I am a bit of a sucker for:
(a) Stationery, especially journals. I buy a lot of beautiful journals.
(b) Resolutions, especially those starting at the beginning of a month, a season or – best of all – the year.
(c) Self help books that aren’t American – I’ve found the Japanese ones, like The Courage to be Disliked by Fumitake Koga and Ichiro Kishimi, especially interesting.
These all came together in L’arte de la Liste by Dominique Loreau. Yes, obviously she’s French, but she’s lived in Japan since the 1970s, and so this book is much influenced by Japanese ideas. Though the cover promises that you can simplify and organise, it’s not a how-to in any narrow sense. It really is about enriching one’s life rather than bullet points and binders with ten tabs and ruthless efficiency.
I have re-purposed a lovely, flowery but totally failed “Write Two Pages Every Single Day for a Month” journal (I managed three non-consecutive days!) and it’s now “A List a Day for a Month” lovely flowery journal. A list just has to have more than one item on it. That’s all!
My list for today is TEN REASONS TO BE CHEERFUL.
They’re in no particular order.
1. Victorian voters have rejected the Liberal Party. Maybe the whole lot of them will have a good, hard look at themselves. Or maybe not.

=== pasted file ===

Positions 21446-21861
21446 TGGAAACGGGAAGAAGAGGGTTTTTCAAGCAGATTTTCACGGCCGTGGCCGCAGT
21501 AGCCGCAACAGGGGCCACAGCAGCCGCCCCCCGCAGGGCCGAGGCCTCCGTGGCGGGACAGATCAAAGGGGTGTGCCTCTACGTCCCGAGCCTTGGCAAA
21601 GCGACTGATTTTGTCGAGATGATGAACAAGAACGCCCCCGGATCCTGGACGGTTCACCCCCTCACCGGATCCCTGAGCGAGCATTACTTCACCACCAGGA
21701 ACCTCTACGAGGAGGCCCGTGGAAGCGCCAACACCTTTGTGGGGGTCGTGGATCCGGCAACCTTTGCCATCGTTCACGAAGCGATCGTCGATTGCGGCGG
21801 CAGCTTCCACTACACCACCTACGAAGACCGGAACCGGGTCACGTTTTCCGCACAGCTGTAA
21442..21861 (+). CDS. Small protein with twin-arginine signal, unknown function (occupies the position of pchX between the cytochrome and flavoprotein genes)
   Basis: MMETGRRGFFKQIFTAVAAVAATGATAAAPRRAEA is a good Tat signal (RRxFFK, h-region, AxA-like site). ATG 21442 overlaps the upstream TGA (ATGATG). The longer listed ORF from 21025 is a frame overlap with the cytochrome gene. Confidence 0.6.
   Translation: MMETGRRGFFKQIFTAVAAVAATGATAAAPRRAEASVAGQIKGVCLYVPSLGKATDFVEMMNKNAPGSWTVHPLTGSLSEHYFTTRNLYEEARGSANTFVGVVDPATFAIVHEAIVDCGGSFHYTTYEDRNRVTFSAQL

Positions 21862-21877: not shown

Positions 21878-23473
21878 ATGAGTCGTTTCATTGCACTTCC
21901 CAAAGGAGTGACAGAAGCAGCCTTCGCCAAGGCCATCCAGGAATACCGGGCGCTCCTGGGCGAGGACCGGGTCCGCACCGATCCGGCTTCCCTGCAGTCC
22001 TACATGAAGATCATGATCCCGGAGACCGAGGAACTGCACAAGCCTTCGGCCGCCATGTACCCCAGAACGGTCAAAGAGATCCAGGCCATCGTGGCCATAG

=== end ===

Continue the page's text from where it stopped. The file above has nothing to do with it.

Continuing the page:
2. School children have gone on strike and taken their concerns about climate change to state and federal parliament
3. 200 of the striking school children came from my town, Castlemaine.
4. Gorgeous little silver eyes are hopping around the the tree outside my window.
5. My husband had a crack at making hummus for the first time, and it was delicious.
6. There are bright pink, pale pink, red, scarlet and red-and-white geraniums all in flower in the front garden.
7. My glasses weren’t lost, after all.
8. My son assisted a group called Democracy in Colour , which is a movement of people of colour and allies working together to tackle structural racism during the state elections.
9. One customer has bought six copies of my book to give to friends, and sent me a beautiful card telling me why.
10. And – sorry to keep banging on about politics – I was able to vote without fear, harassment or intimidation, unlike far too much of the world; there was no voter suppression or totally outrageous gerrymandering as in the USA; the election was on a Saturday, but if I hadn’t been able to get to the polling booth, I could have voted by post: I voted at my local school, and there was a sausage sizzle. If I didn’t want to vote, but also didn’t want to cop a fine, I could have drawn a picture or left it blank. How lucky are we.